Asian shares tracked Wall Street lower on Friday, while the dollar held on to its overnight gains, after rate hike guidance from the European Central Bank and upcoming U.S. inflation data unnerved investors.
MSCI’s broadest index of Asia-Pacific shares outside Japan fell 1.2% in early Asian trade, weighed down by drops of 1.5% in Hong Kong, 0.8% in resources-heavy Australia and 1.6% in South Korea.
Japan’s Nikkei fell 1.2%.
Tech giants listed in Hong Kong were hit hard, with their sub-index opening 2.9% lower. Hong Kong shares of Alibaba fell 3.3% after affiliate Ant Group said it had no plan to initiate an initial public offering. This was a response to media reports that Beijing had approved relaunching the IPO.
Alibaba shares in the U.S. slid 8.1% overnight.
Market sentiment in China has been soured by renewed restrictions in Beijing and Shanghai as new COVID-19 cases have emerged. Multiple districts in Beijing are shutting down entertainment venues, while most citizens in Shanghai are facing new rounds of mass testing to prevent a new outbreak.
On Thursday, the European Central Bank ended a long-running stimulus scheme and said it would deliver next month its first interest rate rise since 2011, followed by a potentially larger move in September.
While the ECB decision was widely expected, the possibility of a larger rise in September weighed on sentiment. The euro zone economy is grappling with slowing growth and soaring inflation exacerbated by a months-long Ukraine war.
“Global equities came under pressure after the ECB delivered its guidance, and (ECB President Christine) Lagarde noted upside inflation risks,” said analysts at ANZ in a note on Friday.
“And with energy prices still pushing higher, it is not yet clear that inflation has peaked. Fed guidance and policy actions may have to turn more hawkish for longer. Financial markets are nervous.”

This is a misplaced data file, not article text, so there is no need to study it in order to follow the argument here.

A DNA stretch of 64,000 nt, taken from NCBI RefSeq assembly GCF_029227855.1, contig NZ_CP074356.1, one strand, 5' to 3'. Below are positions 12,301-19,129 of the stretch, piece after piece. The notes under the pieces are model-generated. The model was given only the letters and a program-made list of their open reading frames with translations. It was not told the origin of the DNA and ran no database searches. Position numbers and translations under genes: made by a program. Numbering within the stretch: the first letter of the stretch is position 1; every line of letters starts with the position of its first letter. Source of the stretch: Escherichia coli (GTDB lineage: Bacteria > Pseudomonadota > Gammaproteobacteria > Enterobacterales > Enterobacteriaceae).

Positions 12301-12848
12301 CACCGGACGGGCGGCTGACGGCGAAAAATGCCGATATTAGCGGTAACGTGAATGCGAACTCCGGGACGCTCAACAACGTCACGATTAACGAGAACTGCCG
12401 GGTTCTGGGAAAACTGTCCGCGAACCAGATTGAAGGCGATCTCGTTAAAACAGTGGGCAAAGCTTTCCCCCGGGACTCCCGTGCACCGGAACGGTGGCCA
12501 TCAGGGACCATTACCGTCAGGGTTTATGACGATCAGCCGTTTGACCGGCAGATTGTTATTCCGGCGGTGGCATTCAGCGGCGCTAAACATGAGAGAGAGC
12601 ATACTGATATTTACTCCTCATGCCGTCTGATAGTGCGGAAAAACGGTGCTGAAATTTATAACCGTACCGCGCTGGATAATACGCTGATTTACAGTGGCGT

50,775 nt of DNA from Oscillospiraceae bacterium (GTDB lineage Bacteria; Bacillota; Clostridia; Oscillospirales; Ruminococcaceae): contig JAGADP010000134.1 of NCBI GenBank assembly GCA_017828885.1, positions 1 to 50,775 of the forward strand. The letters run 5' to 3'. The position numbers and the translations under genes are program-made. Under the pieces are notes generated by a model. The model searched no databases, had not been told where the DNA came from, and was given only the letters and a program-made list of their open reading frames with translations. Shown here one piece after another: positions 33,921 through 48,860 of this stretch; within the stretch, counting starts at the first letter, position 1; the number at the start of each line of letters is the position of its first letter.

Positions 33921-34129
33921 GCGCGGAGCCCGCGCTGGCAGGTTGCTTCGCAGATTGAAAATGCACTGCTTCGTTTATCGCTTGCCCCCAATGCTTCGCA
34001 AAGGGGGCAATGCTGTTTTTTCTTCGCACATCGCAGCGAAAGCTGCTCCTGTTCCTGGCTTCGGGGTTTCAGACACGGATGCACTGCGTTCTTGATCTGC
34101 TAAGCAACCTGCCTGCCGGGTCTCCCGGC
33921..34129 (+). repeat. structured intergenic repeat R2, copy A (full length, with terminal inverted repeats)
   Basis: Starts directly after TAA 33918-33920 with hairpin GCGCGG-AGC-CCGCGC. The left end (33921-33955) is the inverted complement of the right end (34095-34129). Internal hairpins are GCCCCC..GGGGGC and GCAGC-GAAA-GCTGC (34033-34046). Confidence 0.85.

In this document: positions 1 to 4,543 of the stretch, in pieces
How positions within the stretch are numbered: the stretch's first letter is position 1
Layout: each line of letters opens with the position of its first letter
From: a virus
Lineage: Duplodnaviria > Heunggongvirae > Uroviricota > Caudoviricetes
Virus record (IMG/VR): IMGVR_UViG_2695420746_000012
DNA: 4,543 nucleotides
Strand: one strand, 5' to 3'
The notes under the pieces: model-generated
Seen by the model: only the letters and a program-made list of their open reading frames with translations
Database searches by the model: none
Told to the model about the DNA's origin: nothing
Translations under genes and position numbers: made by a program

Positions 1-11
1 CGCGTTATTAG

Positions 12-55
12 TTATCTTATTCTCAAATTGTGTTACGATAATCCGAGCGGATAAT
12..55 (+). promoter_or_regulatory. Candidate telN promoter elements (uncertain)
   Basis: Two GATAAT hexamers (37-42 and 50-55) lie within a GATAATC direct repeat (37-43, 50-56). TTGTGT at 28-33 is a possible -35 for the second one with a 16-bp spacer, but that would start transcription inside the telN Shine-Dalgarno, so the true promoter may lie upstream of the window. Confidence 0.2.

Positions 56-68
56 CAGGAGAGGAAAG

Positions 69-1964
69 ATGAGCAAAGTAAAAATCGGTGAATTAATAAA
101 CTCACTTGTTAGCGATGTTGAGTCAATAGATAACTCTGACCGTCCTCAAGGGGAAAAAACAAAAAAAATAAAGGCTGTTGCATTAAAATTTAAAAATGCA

For months, markets have focused on how fast central banks have been moving to curb inflation. Investors now expect the Federal Reserve to raise interest rates by 50 basis points next week, especially if U.S. consumer price data on Friday confirms elevated inflation.
The consensus forecast sees a year-over-year inflation rate for May of 8.3%, unchanged from April.
Shares on Wall Street tumbled as the market awaited the price data. The S&P 500 and Nasdaq fell more than 2% in their biggest daily percentage declines since mid-May, with mega-cap growth stocks leading the way.
Apple Inc and Amazon.com Inc fell 3.6% and 4.2%, respectively.
While some investors have been hopeful that inflation may have peaked, a recent run higher in oil prices to a 13-week high has dented that optimism, boosting the appeal of the safe-haven dollar.
In currency markets, the U.S. dollar retained its broad strength against a basket of major currencies, hovering around its highest level in three weeks. The euro wallowed at a 2-1/2 week low while the yen gained 0.16% against the greenback, pulling away from a 20-year low.
On Friday, moves in U.S. Treasuries were largely muted. The yield on benchmark 10-year Treasury notes rose slightly to 3.0566%, compared with its U.S. close of 3.042% on Thursday.
The two-year yield, which rises with traders’ expectations of higher Fed fund rates, touched 2.8319%, compared with a U.S. close of 2.817%.
Oil prices dipped after parts of Shanghai imposed new lockdown measures. Still, strong gains in refined products supported crude prices near three-month highs.
U.S. crude futures fell 0.16% to $ 121.33 a barrel and Brent settled 0.2% lower at $ 122.81.
Gold edged down on Friday and headed for a weekly fall, as Treasury yields rose. Spot gold was traded at $ 1,846.4949 per ounce.